For a while she sat with bowed head, then, as her hands fell into her lap, she broke into a little tender laugh at herself. "What a fool I am, after all," she lamented; "here I have seen a man whom I do not like-once, for an hour-and he has so troubled my quiet that I cannot put my mind upon my work. What does it matter, and why should a stranger who displeases me have power to compel my thoughts? It was but a trifle-the distraction of an hour, nothing more-and, whether I like him or not, by to-morrow I shall have forgotten his existence."

But she remembered his face as he sat across from her in the dimly lighted stage, and she felt again, with a start, that he was the first man she had ever known. "Yet he does not attract me, and I shall never see him again," she thought after a moment. She took up a little religious book from her desk and tried in vain to fix her wandering attention. Life appeared all at once very full and very beautiful, and as she thought of the thronging city around her it seemed to her that she herself and the people in the street and the revolving stars were held securely in the hand of God. The belief awoke in her that she was shielded and set apart for a predestined good, an exalted purpose, and she wondered if the purpose were already moving toward her out of the city and if its end would be only the fulfilling of the law of her own nature. Then she thought of Angela in her closed chamber. Had she been shielded? Was she also set apart? But the thought did not disturb her, for she herself seemed of a larger growth, of a braver spirit, than Angela or than her aunts or than Uncle Percival, who had missed life also. They had been defeated, but was it not because they had lacked in themselves the courage to attain?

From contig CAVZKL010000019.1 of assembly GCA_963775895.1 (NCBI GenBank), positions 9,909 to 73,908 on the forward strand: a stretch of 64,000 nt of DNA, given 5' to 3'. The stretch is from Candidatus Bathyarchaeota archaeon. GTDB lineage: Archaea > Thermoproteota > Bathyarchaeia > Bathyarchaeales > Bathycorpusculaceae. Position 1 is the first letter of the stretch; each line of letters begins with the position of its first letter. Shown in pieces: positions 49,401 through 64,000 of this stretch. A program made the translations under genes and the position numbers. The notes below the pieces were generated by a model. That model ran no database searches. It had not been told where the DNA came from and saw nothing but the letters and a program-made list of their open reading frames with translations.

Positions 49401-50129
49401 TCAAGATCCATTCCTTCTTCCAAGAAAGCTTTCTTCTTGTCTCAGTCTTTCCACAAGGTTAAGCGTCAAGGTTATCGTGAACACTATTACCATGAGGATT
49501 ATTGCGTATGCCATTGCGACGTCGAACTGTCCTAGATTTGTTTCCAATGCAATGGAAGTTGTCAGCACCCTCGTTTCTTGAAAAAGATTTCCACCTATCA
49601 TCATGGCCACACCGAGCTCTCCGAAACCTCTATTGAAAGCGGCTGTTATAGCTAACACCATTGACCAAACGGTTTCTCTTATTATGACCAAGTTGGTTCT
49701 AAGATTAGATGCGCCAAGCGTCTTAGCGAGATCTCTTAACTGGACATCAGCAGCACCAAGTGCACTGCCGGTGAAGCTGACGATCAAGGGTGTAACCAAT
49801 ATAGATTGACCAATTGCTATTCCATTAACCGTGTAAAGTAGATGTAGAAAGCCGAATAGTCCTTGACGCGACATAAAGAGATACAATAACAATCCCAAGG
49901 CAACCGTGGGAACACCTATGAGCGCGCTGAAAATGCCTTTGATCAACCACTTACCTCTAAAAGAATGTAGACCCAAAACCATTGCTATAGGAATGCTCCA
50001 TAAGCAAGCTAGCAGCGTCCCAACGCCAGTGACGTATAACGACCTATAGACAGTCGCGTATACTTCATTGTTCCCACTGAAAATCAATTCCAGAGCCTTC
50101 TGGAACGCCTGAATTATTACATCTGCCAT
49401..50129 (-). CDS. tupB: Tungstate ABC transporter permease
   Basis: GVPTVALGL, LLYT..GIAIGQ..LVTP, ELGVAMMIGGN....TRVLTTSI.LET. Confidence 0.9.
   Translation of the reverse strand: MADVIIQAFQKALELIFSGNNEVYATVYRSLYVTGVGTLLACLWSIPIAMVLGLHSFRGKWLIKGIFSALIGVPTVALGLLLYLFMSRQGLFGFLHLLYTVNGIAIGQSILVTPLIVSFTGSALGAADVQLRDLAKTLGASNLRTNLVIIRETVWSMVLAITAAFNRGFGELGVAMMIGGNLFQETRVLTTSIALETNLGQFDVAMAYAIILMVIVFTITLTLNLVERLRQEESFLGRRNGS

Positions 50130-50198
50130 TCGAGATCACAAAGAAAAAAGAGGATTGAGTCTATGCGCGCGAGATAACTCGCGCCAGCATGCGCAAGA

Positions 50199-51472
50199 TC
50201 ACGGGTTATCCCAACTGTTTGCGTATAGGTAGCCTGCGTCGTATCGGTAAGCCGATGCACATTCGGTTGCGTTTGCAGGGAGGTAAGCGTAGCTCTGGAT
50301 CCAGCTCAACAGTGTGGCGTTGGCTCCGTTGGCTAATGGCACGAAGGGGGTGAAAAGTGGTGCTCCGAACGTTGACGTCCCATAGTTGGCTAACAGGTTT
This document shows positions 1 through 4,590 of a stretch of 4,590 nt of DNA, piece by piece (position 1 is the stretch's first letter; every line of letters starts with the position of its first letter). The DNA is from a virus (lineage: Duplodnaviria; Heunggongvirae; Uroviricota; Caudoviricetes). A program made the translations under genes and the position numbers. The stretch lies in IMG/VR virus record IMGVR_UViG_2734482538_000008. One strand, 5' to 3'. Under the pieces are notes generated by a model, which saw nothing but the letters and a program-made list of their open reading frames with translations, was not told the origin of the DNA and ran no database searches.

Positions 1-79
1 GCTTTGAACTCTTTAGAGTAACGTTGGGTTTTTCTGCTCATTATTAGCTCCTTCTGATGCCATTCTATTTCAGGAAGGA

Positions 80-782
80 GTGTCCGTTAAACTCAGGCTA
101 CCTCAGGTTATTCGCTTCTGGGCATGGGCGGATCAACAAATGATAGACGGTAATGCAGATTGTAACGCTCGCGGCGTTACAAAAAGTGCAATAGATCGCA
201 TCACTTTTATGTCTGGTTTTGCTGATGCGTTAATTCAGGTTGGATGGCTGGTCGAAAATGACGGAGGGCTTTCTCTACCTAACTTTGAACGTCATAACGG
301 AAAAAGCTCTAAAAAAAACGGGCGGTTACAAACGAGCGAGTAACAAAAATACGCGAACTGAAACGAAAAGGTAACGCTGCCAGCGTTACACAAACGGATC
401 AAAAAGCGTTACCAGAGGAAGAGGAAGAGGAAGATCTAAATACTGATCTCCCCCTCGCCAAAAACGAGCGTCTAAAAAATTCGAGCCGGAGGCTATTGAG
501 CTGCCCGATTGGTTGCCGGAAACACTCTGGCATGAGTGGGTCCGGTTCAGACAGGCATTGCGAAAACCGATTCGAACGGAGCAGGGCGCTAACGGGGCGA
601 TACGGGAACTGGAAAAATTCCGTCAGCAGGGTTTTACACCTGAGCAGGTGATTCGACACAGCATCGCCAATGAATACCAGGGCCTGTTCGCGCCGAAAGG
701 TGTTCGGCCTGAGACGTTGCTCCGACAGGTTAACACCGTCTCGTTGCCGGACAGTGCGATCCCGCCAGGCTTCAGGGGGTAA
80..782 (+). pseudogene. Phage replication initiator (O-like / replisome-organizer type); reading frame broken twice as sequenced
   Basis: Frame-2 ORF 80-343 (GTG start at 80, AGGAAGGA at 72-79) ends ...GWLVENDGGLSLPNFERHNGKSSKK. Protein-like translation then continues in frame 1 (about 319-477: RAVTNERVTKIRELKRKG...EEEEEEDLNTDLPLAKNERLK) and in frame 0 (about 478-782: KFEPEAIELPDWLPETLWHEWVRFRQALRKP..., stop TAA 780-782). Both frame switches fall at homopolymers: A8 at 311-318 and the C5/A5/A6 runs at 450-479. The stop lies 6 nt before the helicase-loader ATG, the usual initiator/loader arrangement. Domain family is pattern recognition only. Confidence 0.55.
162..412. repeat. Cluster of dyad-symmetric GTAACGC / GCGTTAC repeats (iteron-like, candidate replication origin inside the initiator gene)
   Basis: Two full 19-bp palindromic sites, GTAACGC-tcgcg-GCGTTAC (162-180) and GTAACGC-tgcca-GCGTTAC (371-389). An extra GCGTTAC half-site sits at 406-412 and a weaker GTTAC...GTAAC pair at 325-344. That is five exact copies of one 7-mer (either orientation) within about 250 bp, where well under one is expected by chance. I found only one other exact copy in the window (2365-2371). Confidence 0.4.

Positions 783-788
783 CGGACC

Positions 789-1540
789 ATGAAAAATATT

The next morning, after she had had her tea and toast in her room, she went, as was her custom, into Angela's chamber. Early as it was, Mrs. Payne had already apparelled herself in her paint and powder and driven down. Seen by the morning sunlight, her smeared face with its brilliant artificial smile revealed a pathos which was rendered more acute by its effect of playful grotesqueness. She was like a faded and decrepit actress who, fired by the unconquerable spirit of her art, forces her wrinkled visage to ape the romantic ecstasies of passion. Age which is beautiful only when it has become expressive of repose-of serene renouncement-showed to Laura's eyes only as a ghastly and comic travesty of youth.

Angela was having her breakfast at a little table by the window, and at Laura's entrance she turned to her with a sigh of evident relief.